Styled and sized like a flip cell phone or Captain Kirk's communicator, the HWL1 is 3.6 inches long and fairly thick, so it occupies a good amount of room in your pocket or laptop bag, style notwithstanding. Basically, it's between 2-3 times in width and height, and twice as thick as the WiFi Seeker. In other words, it's really big in comparison. On the bright side, this allows it to have a much larger high gain antenna, and it easily sports five very bright blue lights for its signal meter. While the power button is very small, you only need to press it briefly to start the scan cycle. This provides immediate feedback by having the blue lights blink approximately twice per second for nearly 5 seconds. If you want a longer scan, you can hold the button down longer, and it will continue to scan until you let go.
Overall, it worked fairly well. However, since it was released after the WiFi Seeker, I expected the HWL1 to excel in some way that never materialized. While it mostly does what it says, I found several annoyances, and one glaring functional problem. First, the annoyances: The signal lights do not stay solid, and they tend to jump around a lot between blinks, which makes it rather difficult to determine the signal strength. For example, while holding it rock steady, the HWL1 WiFi Locator's lights would often jump between two, three, and four lights during its scan cycle. From my end-user perspective, this shouldn't be happening when the Wi-Fi signal is constant and the WiFi Locator is stationary. At times, the directional antenna would help me find the Wi-Fi source, but just as likely, the lights would jump around so much it was nearly impossible to tell which direction had the better signal.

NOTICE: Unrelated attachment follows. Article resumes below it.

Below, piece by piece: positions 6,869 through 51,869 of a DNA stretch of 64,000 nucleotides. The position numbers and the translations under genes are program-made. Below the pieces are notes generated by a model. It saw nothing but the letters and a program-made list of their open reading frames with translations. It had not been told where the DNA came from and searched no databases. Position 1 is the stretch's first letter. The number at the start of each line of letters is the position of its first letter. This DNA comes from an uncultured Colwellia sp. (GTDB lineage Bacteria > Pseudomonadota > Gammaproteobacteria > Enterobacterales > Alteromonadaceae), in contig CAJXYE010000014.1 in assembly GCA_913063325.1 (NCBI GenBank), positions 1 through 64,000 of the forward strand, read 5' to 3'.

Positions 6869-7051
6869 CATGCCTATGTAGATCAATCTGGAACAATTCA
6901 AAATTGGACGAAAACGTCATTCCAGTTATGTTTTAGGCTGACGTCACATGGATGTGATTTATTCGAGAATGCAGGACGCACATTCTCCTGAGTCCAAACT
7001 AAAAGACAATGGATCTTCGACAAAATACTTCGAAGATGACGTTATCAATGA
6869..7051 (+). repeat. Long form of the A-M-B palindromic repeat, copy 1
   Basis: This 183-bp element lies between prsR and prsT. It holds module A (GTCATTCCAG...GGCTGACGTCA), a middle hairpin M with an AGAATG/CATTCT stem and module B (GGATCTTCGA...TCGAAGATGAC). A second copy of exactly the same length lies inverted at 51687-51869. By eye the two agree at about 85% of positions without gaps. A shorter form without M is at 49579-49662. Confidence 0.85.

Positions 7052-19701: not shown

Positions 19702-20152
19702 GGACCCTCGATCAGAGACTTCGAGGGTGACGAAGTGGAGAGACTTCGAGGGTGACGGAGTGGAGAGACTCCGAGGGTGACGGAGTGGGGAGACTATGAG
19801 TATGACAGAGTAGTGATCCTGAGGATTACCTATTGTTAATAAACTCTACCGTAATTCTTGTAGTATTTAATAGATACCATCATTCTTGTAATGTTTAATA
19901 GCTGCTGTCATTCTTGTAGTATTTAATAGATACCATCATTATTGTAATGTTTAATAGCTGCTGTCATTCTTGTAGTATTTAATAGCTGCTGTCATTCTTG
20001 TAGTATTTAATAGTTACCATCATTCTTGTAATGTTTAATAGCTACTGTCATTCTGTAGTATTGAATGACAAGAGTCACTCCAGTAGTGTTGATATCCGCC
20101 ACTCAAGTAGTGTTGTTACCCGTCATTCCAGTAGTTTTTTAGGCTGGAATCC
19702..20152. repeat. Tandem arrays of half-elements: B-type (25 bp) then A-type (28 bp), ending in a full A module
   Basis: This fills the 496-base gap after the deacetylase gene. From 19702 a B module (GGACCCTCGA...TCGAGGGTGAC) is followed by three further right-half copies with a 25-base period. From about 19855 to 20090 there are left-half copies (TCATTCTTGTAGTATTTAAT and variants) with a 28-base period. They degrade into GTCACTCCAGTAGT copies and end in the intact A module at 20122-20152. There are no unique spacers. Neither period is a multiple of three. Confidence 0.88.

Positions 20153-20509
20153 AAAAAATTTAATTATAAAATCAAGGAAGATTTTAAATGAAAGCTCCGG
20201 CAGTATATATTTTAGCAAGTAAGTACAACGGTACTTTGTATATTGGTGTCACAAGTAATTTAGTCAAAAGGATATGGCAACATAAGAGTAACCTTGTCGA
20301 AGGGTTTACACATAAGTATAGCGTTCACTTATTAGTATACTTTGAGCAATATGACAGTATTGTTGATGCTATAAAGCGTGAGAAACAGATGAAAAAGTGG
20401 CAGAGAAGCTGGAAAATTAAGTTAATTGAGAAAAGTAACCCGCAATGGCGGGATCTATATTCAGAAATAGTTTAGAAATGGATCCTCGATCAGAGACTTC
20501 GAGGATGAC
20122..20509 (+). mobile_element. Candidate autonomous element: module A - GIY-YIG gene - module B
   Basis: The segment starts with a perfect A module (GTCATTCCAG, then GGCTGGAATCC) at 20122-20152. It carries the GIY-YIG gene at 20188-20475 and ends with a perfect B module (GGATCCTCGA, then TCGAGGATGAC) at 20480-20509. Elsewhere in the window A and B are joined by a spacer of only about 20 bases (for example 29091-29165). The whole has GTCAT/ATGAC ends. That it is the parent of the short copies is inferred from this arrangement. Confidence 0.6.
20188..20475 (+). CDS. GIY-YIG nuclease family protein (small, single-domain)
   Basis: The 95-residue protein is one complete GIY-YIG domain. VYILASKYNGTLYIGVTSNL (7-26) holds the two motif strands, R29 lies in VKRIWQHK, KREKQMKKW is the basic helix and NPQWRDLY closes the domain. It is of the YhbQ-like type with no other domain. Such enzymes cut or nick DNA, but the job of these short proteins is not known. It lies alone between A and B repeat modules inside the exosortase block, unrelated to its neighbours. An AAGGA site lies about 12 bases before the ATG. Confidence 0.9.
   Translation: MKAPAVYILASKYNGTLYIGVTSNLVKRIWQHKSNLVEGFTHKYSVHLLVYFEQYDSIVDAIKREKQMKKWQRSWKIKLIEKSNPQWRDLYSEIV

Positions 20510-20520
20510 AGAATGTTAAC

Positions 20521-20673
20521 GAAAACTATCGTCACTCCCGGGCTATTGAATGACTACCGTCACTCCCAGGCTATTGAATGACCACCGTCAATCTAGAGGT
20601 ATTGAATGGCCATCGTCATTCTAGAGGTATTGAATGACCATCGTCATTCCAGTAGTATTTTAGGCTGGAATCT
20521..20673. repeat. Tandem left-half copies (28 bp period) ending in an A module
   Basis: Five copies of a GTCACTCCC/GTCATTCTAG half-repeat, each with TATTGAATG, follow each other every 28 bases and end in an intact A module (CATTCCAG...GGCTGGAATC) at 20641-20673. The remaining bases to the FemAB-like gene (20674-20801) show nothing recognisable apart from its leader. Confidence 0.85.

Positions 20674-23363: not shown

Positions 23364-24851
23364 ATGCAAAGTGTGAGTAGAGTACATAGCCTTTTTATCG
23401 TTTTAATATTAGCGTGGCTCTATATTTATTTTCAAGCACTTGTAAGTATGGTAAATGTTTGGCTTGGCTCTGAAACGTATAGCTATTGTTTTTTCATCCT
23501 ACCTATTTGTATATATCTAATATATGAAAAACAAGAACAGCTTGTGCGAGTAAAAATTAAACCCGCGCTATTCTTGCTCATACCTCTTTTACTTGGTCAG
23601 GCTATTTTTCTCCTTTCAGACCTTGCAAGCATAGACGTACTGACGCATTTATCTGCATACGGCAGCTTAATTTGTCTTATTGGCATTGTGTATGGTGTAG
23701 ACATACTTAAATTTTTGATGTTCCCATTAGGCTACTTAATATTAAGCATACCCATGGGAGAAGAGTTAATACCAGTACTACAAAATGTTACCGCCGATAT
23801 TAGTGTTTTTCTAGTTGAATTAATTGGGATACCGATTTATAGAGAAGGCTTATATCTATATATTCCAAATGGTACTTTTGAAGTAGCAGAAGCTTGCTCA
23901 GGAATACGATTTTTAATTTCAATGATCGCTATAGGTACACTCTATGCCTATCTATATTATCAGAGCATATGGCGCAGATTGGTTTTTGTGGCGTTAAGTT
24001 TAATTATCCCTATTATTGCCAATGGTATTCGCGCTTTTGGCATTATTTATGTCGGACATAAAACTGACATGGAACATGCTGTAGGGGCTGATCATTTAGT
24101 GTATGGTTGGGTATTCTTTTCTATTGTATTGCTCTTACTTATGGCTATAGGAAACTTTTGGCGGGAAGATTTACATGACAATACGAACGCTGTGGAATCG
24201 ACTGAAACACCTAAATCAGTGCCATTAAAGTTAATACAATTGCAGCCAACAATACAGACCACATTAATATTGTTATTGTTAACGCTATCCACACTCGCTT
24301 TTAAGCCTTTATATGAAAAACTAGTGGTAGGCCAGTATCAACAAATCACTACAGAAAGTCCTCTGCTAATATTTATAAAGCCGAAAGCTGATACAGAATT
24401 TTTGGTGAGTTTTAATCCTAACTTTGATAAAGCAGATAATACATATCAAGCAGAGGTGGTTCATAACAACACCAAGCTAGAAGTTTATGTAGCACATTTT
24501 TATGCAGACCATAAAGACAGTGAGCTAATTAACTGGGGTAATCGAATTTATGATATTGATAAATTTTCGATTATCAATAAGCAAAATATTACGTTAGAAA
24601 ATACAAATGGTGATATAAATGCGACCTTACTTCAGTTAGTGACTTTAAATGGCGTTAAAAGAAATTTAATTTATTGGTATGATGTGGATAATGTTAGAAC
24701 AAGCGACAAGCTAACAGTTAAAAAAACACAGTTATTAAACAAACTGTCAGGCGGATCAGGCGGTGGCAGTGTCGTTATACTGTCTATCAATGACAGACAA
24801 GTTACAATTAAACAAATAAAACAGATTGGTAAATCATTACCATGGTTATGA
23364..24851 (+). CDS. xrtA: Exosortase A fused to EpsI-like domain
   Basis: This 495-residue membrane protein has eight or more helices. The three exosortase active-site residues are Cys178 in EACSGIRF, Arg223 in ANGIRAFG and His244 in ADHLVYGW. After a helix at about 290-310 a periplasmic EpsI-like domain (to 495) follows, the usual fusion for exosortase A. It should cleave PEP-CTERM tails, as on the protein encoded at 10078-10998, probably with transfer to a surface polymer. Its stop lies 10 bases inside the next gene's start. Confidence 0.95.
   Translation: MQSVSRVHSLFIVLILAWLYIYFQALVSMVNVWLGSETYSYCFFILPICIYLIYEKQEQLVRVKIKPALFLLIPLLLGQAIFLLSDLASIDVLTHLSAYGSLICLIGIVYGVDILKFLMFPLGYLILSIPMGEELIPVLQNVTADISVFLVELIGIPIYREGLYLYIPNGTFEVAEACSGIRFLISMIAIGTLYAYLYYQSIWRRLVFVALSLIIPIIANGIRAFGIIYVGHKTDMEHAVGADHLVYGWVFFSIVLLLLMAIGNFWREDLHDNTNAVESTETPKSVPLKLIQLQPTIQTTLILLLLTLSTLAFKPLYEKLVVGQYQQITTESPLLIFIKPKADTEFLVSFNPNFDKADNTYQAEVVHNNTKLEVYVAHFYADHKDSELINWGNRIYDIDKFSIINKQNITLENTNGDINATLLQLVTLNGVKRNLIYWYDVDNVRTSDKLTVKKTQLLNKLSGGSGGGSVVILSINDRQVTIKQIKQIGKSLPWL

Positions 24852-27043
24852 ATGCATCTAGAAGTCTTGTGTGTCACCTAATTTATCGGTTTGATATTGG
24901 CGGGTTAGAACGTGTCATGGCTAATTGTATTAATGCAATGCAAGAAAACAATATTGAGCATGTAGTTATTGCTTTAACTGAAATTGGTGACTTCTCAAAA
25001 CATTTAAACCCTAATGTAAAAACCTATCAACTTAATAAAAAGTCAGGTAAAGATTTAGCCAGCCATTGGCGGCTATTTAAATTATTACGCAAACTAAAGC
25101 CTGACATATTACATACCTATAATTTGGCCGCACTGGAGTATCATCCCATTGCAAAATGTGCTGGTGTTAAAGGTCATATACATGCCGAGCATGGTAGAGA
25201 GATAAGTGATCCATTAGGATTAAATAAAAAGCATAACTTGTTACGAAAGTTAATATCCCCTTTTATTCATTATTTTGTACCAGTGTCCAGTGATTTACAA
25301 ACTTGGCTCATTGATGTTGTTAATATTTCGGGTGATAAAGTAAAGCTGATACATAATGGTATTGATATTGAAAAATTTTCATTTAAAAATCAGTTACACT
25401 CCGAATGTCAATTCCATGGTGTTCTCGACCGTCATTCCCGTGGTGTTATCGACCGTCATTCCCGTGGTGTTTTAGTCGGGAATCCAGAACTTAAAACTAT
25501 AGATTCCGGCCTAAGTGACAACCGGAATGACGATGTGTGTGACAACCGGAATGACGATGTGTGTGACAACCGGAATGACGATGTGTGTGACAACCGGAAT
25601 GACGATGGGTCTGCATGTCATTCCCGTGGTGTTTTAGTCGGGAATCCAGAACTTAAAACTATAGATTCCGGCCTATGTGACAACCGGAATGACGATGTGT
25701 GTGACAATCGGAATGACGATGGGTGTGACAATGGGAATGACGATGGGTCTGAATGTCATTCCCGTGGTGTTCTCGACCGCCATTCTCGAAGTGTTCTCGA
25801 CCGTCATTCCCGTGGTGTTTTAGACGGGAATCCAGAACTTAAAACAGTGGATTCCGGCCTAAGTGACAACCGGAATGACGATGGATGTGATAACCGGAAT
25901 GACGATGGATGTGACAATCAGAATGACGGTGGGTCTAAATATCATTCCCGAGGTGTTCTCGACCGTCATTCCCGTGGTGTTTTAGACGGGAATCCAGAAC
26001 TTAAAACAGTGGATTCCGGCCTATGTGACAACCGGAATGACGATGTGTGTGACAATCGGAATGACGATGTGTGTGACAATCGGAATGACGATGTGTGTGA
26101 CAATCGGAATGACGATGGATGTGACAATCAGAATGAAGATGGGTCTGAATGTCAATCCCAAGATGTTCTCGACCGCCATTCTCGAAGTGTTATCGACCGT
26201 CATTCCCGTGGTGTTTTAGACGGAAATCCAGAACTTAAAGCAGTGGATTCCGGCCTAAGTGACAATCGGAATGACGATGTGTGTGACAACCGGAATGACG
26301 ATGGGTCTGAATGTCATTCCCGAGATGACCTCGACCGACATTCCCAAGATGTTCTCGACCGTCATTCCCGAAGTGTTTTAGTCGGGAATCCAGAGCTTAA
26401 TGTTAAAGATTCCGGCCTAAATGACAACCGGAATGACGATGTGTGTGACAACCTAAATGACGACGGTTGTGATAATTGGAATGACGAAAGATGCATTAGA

The HWL1 WiFi Locator also seemed to be more sensitive than the WiFi Seeker overall, which is both good and bad. On the plus side, the HWL1 might help you find more Wi-Fi access points than the WiFi Seeker, but they would likely be the weaker signals. Thus those signals may not be strong enough to be usable by your Wi-Fi card. In comparison, the WiFi Seeker from Chrysalis Development appeared more discriminating, which from my perspective increases the likelihood of it detecting a usable signal. With that said, if you're really desperate for any Wi-Fi signal, then the HWL1 may detect it, or it may also send you on a wild goose chase.